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Serum Institute ships first batch of malaria jabs to Africa

The Pune-based vaccine maker shipped 43,200 doses of R21, or Matrix-M malaria vaccine, to Africa

Serum Institute ships first batch of malaria jabs to Africa
[Source photo: Chetan Jha/Press Insider]

Pune-based vaccine manufacturer Serum Institute of India on Monday shipped 43,200 doses of R21 or Matrix-M malaria vaccine to Africa, the company said.

The initial shipment will be sent to the Central African Republic (CAR), followed by other African countries such as South Sudan and Democratic Republic of Congo in the next coming days, SII said.

A total of 163,800 doses of the vaccine have been specifically allocated for CAR region and received a WHO recommendation for use in children last October, followed by the announcement of its high efficacy in its phase 3 trial data results this year.

This malaria vaccine, developed in collaboration with the University of Oxford and Novavax’s Matrix-M adjuvant, is the second such vaccine to be authorized for use in children in malaria-endemic regions.

The flag-off ceremony of the malaria vaccine took place at the Serum Institute of India’s facility in Pune. US ambassador to India, Eric Garcetti, was also present at the event.

Developed through a collaboration between the Jenner Institute at Oxford University and the Serum Institute of India, leveraging by Novavax’s saponin-based adjuvant technology, the vaccine has received support from the European and Developing Countries Clinical Trials Partnership (EDCTP), the Wellcome Trust, and the European Investment Bank (EIB).

To date, the Serum Institute of India has manufactured 25 million doses of vaccines, and its capacity can be scaled up to 100 million doses annually.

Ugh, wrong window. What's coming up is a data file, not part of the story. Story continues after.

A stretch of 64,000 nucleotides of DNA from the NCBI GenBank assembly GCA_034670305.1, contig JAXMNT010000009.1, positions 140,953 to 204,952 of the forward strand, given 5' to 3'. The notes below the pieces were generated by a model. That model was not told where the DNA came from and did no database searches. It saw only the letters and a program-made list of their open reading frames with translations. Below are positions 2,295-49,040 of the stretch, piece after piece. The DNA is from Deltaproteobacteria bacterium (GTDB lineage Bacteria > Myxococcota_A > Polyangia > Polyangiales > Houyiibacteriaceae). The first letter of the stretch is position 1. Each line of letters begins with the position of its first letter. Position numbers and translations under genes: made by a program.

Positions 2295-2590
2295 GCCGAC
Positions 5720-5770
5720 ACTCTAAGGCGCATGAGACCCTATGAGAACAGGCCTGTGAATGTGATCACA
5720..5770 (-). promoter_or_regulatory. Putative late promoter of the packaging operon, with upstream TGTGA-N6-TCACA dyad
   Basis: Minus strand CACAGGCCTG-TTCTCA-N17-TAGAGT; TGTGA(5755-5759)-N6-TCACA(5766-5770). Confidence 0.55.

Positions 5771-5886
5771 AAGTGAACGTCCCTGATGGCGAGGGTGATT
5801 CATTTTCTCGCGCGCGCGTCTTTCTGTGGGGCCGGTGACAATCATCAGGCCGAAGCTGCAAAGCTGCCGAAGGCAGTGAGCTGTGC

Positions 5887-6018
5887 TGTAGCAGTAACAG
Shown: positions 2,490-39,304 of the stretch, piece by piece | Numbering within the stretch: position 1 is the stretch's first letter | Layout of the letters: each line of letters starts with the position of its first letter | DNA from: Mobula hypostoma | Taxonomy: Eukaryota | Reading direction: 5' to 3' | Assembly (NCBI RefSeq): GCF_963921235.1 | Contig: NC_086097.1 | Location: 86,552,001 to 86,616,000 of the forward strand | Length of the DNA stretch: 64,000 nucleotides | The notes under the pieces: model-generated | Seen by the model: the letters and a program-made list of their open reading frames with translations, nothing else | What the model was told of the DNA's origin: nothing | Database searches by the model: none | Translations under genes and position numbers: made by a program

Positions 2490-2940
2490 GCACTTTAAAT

“As two diverse democracies, the United States and India have flourishing private sectors that foster innovation, knowledge, and access to high-quality healthcare,” said Garcetti.

He added that the development of the malaria vaccine represents a great step forward in our battle against this deadly parasite. The quality, affordable vaccines that will be produced through this partnership between Novavax and SII will prevent hundreds of thousands of deaths every year across the globe.

Dr. Umesh Shaligram, executive director, research and development at SII, said, “The shipment of the R21/Matrix-M malaria vaccine to Africa marks a momentous milestone in our collective fight against this life-threatening disease.”

He added that this achievement is a testament to the power of collaboration and the efforts of our dedicated workforce at the Serum Institute of India, working in partnership with Novavax and the University of Oxford.

“As we embark on this critical mission to protect the most vulnerable members of our global community, we remain committed to our core values of innovation, affordability, and accessibility. This is a significant step towards a world free from the burden of malaria.” said Shaligram.

“The R21/Matrix-M™ vaccine is a vital new tool to help stop the devastating health and economic impact of malaria on nearly half of the world’s population, including the tragic loss of 1,300 children every single day,” said John C. Jacobs, president and chief executive officer, Novavax.

“Now more than ever, collaborations are imperative to address unmet needs in preventable infectious disease. Novavax is proud of our partnership with the University of Oxford and Serum Institute of India and grateful for the support of Gavi and UNICEF in the vaccine’s rollout,” Jacobs said.

Professor Adrian Hill, director of the Jenner Institute at Oxford University, said, “The start of the large-scale distribution of this high-efficacy, very cost-effective vaccine should mark a turning point in the battle against malaria.”

R21/Matrix-M malaria vaccine marks the culmination of 30 years of malaria vaccine research at the University of Oxford’s Jenner Institute.

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